September 8, 2007

It must be a secret

Posted in Day to day life tagged , , , , at 9:37 pm by expatdiane

Or is it? After returning from my trip to the states, I started looking around for secret antiperspirant because I was running low. In my extended search, I found that every supermarket out there, whether large or small, privately owned or chain, had removed them from the shelves. I quickly thought they must be discontinued or was it just in this part of the country? Now I am having to try out some other European brands but they are not doing the job. I will continue my search but if I do not find any, I will have to revert to buying it on line and having it shipped to me.

This brings me back to the earlier days. When I first moved here, I had no idea where to shop for cosmetics or personal hygiene items. Having no one to guide me, I had to go out and search alone. Supermarkets carried minimal cosmetics and commercials on TV of products were non existent. This lead me to believe that the cosmetics I used back home were no where to be found here. During my trips back and forth to the states, I would load my suitcase with items to bring back, items I needed that I could not find here.

One day, I heard of Hondos center the largest cosmetic chain in the country. When I first passed by the place, I noticed that they had a huge make-up department of just about every maker out there but I had no idea they had a second and third floor. It took me a total of two years before I realized they had the other floors, one of which was a personal hygiene department of things I had been searching for for so long.

September 1, 2007

Balanced or off balance

Posted in Day to day life, Medical care and costs tagged , , , , , at 6:23 pm by expatdiane

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For the last week and a half, I have been in bed suffering from a hormonal in balance. I finished a cycle of hormone replacement and it has done wonders for me. Let me tell ya, being off balance has gotta be the worst feeling! It is very difficult to walk straight, makes your head feel very heavy while with other days, it feels like a floating balloon and as far as any long term concentration, forget it! Needless to say that the majority of my time in bed was not very productive <—- never thought I’d ever say that!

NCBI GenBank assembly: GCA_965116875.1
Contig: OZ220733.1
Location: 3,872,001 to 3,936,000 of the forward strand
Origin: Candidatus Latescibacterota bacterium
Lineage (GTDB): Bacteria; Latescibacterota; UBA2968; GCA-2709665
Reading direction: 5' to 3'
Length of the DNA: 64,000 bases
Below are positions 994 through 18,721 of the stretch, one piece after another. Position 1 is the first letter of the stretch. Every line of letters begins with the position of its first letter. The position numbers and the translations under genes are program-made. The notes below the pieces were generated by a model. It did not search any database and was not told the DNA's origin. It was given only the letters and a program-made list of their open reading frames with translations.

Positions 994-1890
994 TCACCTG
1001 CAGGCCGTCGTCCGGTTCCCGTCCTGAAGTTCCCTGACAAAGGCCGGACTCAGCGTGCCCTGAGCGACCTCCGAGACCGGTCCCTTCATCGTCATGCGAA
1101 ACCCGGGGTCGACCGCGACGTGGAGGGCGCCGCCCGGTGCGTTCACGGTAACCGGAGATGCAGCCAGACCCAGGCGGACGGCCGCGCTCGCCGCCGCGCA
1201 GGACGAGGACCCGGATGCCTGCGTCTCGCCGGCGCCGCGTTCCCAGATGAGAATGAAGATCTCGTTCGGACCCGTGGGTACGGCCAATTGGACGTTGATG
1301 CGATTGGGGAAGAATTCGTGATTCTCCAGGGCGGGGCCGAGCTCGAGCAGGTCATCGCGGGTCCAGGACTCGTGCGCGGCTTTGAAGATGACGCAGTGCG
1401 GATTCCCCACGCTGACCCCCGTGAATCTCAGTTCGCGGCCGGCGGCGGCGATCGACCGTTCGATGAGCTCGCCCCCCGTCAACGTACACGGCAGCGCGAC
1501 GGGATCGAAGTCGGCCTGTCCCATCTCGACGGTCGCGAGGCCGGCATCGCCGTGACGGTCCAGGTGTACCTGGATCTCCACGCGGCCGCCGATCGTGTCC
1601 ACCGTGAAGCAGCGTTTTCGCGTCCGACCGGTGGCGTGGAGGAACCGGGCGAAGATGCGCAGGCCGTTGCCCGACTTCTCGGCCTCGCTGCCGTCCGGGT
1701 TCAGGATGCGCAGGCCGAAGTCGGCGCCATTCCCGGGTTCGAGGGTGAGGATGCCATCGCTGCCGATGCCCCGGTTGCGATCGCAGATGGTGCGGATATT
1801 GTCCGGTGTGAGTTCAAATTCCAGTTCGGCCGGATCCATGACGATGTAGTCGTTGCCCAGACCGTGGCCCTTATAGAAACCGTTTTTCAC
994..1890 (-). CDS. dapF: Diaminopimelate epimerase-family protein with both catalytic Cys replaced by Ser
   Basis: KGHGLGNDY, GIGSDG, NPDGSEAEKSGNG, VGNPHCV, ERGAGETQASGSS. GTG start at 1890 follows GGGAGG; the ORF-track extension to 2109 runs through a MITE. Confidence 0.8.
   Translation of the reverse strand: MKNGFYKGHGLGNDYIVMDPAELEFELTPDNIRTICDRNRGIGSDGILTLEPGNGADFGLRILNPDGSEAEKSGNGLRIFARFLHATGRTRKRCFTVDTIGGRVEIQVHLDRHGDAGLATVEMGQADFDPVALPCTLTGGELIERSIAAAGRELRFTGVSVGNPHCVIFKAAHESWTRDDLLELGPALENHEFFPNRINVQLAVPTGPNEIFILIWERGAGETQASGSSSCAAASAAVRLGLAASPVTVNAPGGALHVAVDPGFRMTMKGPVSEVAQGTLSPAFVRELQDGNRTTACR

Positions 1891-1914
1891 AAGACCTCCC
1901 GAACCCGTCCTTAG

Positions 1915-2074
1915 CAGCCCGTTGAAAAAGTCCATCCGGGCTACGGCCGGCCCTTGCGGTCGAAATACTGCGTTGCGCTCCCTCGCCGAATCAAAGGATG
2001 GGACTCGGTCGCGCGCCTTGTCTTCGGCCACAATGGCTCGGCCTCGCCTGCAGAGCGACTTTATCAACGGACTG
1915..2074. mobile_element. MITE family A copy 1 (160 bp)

When I first moved to Greece, I suffered from a hormonal in balance that was due to the climate, although at the time, I did not know it. The bitter cold we have here during December was just too much for me to bare as I have always been used to warmer weather. Since I had no idea what I was suffering from, I went ahead and told my husband that we needed to see a gynocolgist being that the symptoms appeared to be female. He got information of a doctor from someone he knew and we decided to go.

When we arrived to the doctor’s office that evening, her waiting room was completely full of women standing everywhere, as there were no places left to sit. Once the doctor showed up, all the women began following her as if they were a herd of cattle crowding in for the slaughter. Since this doctor only takes walks ins, each person had to remember who was there prior to their arrival. So the women all sat around discussing the order in which they would be seen. When our turn came, we walked into the doctor’s office and she asked what the problem was. We gave her the symptoms and her quick diagnose was a possible pregnancy. She asked me to go into the examining room, undress and wait for her to examine me. After doing so, I noticed there were no gowns to put on and that in itself made the experience all that more difficult. The room was very tiny and had a thin wall separating it from the waiting room which didn’t give a person much privacy at all. To the left of the examining table was a large glass bowl with what appeared to be medical instruments of some kind being sterilized in fluid. At that point, what ran through my mind were those old movies you see where a woman goes in to have an abortion in a cold, small room with the surgical instruments in a bowl beside the bed. I couldn’t help but wonder what decade this doctor was living in.

In the years that followed, we heard horror stories from others on the way she practiced medicine and felt that her medical license should have been revoked long ago. Sadly, to this day, she still has her practice.